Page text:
Nigeria advanced to the Africa Cup of Nations final after claiming a 4-2 penalty shootout win over Bafana Bafana at the Stade de Bouaké on Wednesday evening.
After extra time, the game ended in a 1-1 draw. The three-time winners will play either the Democratic Republic of the Congo or the hosts, Ivory Coast, in Sunday’s championship match.
Teboho Mokoena equalised with a penalty kick in the ninetieth minute, while Nigeria’s captain William Troost-Ekong scored the first goal after 67 minutes. Both goals during regular time also came from penalties.
After Nigeria believed they had equalised by a tap-in from standout forward Victor Osimhen, Mokoena equalised.
However, after VAR informed the Egyptian referee that South African player Percy Tau had been fouled nearby, and the match official agreed, play was moved back to the opposite end of the pitch.
At the end of regulation time, Khuliso Mudau had an opportunity to win the South Africa match in extra time, but he shot wide after goalie Stanley Nwabali parried a free kick from Mokoena.
After Grant Kekana was sent off for a last-defender foul on 115 minutes, South Africa was reduced to 10 men.
Nigeria had defeated South Africa three times prior to this encounter, giving them a spotless record against them in the major African football championship.
The Super Eagles defeated Bafana Bafana (The Boys) 2-1 in an Egyptian quarterfinal encounter in 2019, 4-0 in a group match in Tunisia four years later, and 2-0 in a Nigerian semi-final in 2000.
Coach Jose Peseiro of Nigeria made one change to the squad that defeated Angola 1-0: he replaced left-back Zaidu Sanusi, who had not practiced the night before, with Bright Osayi-Samuel.
Star attacker Osimhen of Napoli, who delayed his arrival in Bouake from Abidjan due to stomach trouble, started for the three-time champions.
In the stadium, a few Nigerians showed their support for Osimhen by donning duplicates of the face mask he continues to wear three years after sustaining an injury to his eye socket.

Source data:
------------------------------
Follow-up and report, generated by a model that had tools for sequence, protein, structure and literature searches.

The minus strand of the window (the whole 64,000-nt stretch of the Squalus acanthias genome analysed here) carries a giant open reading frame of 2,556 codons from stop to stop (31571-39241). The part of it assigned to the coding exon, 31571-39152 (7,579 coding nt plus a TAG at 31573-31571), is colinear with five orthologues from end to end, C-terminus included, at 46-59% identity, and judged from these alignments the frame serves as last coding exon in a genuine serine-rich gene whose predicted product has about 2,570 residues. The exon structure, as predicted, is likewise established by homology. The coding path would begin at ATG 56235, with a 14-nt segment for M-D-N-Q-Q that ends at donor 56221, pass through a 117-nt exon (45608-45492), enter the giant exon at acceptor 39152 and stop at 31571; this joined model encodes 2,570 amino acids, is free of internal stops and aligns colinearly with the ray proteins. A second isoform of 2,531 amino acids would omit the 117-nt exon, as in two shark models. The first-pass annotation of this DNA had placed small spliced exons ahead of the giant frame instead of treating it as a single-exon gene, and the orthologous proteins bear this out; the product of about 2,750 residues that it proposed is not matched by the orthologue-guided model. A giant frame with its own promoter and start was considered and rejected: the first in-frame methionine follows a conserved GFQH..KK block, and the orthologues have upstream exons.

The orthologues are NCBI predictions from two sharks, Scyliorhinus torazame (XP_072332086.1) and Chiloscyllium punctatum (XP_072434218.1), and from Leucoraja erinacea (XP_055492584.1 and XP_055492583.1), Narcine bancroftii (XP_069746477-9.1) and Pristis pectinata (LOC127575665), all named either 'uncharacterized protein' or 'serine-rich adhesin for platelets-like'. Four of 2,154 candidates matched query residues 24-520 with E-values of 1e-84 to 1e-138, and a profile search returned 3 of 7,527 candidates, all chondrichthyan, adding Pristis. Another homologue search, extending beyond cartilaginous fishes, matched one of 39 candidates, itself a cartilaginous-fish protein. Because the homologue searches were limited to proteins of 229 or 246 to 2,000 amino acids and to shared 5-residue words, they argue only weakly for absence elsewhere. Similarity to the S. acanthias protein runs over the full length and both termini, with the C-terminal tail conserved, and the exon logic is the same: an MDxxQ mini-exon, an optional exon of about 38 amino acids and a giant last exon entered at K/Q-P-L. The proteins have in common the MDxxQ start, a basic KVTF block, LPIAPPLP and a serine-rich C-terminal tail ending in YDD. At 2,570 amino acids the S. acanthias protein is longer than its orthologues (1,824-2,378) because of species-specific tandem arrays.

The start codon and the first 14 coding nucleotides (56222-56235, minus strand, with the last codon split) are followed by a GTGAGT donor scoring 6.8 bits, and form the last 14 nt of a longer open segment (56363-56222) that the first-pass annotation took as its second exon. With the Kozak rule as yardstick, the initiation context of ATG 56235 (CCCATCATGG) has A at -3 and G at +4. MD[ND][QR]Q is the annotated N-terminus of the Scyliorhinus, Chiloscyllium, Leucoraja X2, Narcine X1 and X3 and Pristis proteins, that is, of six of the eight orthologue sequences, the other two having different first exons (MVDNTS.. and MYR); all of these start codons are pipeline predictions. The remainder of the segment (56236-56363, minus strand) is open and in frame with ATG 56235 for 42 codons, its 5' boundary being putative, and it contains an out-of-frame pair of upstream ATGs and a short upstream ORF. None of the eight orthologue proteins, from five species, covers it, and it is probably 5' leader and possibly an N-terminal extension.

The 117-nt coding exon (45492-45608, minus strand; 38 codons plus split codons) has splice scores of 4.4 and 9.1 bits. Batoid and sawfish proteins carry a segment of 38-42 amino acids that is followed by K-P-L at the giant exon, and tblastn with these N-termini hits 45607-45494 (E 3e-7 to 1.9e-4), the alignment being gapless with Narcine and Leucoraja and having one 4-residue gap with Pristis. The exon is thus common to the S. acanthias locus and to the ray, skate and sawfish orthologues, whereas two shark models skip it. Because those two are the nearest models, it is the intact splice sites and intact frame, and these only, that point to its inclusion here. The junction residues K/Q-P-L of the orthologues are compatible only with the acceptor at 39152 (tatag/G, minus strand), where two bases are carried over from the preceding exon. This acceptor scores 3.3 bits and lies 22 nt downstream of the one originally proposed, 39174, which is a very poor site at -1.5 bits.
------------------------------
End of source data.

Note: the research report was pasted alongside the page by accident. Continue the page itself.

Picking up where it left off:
Hugo Broos, the South African coach who was born in Belgium, also made one change following his team’s triumph over Cape Verde on penalties: he brought back central defender Siyanda Xulu and benched Thapelo Morena.
In a tense, exciting first half, South Africa had a similar amount of shots on goal, but more on target, more possession, and more forced corners.
Osimhen, the current African Player of the Year, knelt and clutched his abdomen barely a minute after kickoff, yet he persevered and worked nonstop after receiving treatment.
Semi Ajayi headed blandly at custodian Ronwen Williams, who stopped four shootout penalties against Cape Verde, when Nigeria, the pre-match favourites, were given a free kick.
In front of a crowd of 32,000, Percy Tau had a pair of half-chances for South Africa, but a poor shot and then a heavy first touch let him down.
As halftime drew near, South African premier league custodian Stanley Nwabali of Nigeria, who plays for Chippa United, did a wonderful one-hand parry to stop Evidence Makgopa.
Midway through the second half, with the Super Eagles leading, Mothobi Mvala fouled Osimhen, and Troost-Ekong scored the penalty to break the tie.
With fifteen minutes remaining, Makgopa had a chance to equalise in the central Ivorian city, but his shot went narrowly wide.
Subsequently, there was the Osimhen goal that was disallowed, the Mokoena equaliser, the Mudau miss, and thirty minutes of continuous extra time play, which included Kekana’s red card, prior to the shootout.
Photo by Weam Mostafa/BackpagePix